September 2016
Volume 57, Issue 12
Open Access
ARVO Annual Meeting Abstract  |   September 2016
Impact of Baseline Characteristics on Change in Diabetic Retinopathy Severity Scale (DRSS) Score in the VISTA and VIVID Studies
Author Affiliations & Notes
  • Dilsher Dhoot
    California Retina Consultants, Santa Barbara, California, United States
  • Footnotes
    Commercial Relationships   Dilsher Dhoot, Regeneron Pharmaceuticals, LLC (R)
  • Footnotes
    Support  None
Investigative Ophthalmology & Visual Science September 2016, Vol.57, 2088. doi:
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      Dilsher Dhoot; Impact of Baseline Characteristics on Change in Diabetic Retinopathy Severity Scale (DRSS) Score in the VISTA and VIVID Studies. Invest. Ophthalmol. Vis. Sci. 2016;57(12):2088.

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      © 2017 Association for Research in Vision and Ophthalmology.

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Abstract

Purpose : To evaluate the influence of baseline clinical characteristics and treatment factors on improvement of DRSS scores at week 100 compared with baseline.

Methods : VISTA and VIVID were double-masked, phase 3 trials randomizing 466 and 406 DME patients, respectively, to receive intravitreal aflibercept injection (IAI) 2 mg every 4 weeks (2q4), IAI 2 mg every 8 weeks following 5 initial monthly doses (2q8), or laser. Change in DRSS score was an exploratory endpoint at week 100. The objective of this ad hoc analysis was to determine, using observed data, what factors influenced ≥2-step improvement in DRSS scores at week 100. Factors considered were baseline age, gender, race, HbA1c level, duration of diabetes, best-corrected visual acuity (BCVA), central retinal thickness (CRT), and baseline DRSS score. Regression analysis was performed to determine the impact of these factors.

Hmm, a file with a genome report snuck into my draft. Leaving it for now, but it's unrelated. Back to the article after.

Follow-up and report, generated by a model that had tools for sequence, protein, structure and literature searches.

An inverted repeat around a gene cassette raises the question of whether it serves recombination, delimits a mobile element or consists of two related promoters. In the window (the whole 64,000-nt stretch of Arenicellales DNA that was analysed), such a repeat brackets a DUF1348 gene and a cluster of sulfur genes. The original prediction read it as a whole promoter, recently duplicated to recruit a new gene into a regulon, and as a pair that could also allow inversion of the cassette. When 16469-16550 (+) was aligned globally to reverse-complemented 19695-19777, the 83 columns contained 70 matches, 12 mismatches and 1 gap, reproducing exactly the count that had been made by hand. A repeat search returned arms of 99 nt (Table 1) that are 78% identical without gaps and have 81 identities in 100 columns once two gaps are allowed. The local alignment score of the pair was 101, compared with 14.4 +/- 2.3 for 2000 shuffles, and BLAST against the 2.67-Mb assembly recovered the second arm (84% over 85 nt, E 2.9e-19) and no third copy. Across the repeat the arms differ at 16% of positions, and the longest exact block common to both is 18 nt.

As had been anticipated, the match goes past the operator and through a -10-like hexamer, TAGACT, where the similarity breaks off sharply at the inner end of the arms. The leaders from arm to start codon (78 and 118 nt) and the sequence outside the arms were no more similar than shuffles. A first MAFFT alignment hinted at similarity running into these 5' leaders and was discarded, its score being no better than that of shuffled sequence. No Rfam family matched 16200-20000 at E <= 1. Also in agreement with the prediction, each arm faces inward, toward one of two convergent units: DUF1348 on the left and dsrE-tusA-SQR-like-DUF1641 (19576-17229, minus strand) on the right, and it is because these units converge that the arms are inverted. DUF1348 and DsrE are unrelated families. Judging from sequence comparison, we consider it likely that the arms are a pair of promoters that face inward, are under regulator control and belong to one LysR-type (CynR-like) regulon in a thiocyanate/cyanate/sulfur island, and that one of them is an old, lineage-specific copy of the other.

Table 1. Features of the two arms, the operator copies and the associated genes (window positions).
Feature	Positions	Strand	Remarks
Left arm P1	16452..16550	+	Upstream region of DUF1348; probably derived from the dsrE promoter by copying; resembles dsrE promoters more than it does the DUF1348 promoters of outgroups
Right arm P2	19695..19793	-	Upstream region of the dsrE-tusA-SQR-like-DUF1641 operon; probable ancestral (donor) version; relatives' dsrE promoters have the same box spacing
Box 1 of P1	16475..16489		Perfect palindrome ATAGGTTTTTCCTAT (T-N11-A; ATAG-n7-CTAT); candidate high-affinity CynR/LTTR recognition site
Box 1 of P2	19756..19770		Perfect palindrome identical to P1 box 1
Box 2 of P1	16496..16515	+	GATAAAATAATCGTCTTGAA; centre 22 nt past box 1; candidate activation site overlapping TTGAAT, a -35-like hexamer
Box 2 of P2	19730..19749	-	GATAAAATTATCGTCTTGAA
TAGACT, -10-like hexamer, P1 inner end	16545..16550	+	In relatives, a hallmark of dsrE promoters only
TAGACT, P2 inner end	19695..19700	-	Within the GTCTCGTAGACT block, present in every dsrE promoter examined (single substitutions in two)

Results : In the integrated VIVID and VISTA studies, 10.2%, 34.7% (p = .0018), and 38.5% (p < .001) of laser, 2q4, and 2q8 patients, respectively, experienced a ≥2-step improvement in DRSS score at week 100 compared with baseline. Baseline DRSS score was the only factor significantly associated with ≥2-step DRSS score improvement (p < .0001). Age, gender, race, HbA1c level, duration of diabetes, BCVA and CRT did not have an impact on the ability to gain ≥2-step improvement in DRSS score. The most frequent ocular serious adverse event from baseline to week 100 was cataract (2.4%, 1.0%, and 0.3% for the 2q4, 2q8, and laser groups, respectively) in a pooled analysis of VISTA and VIVID.

Conclusions : Overall, a significant proportion of patients in the VIVID and VISTA trials experienced at least a 2-step improvement in DRSS score at week 100. Baseline DRSS score was the most significant identified factor associated with ≥2-step improvement in DRSS score at week 100.

This is an abstract that was submitted for the 2016 ARVO Annual Meeting, held in Seattle, Wash., May 1-5, 2016.

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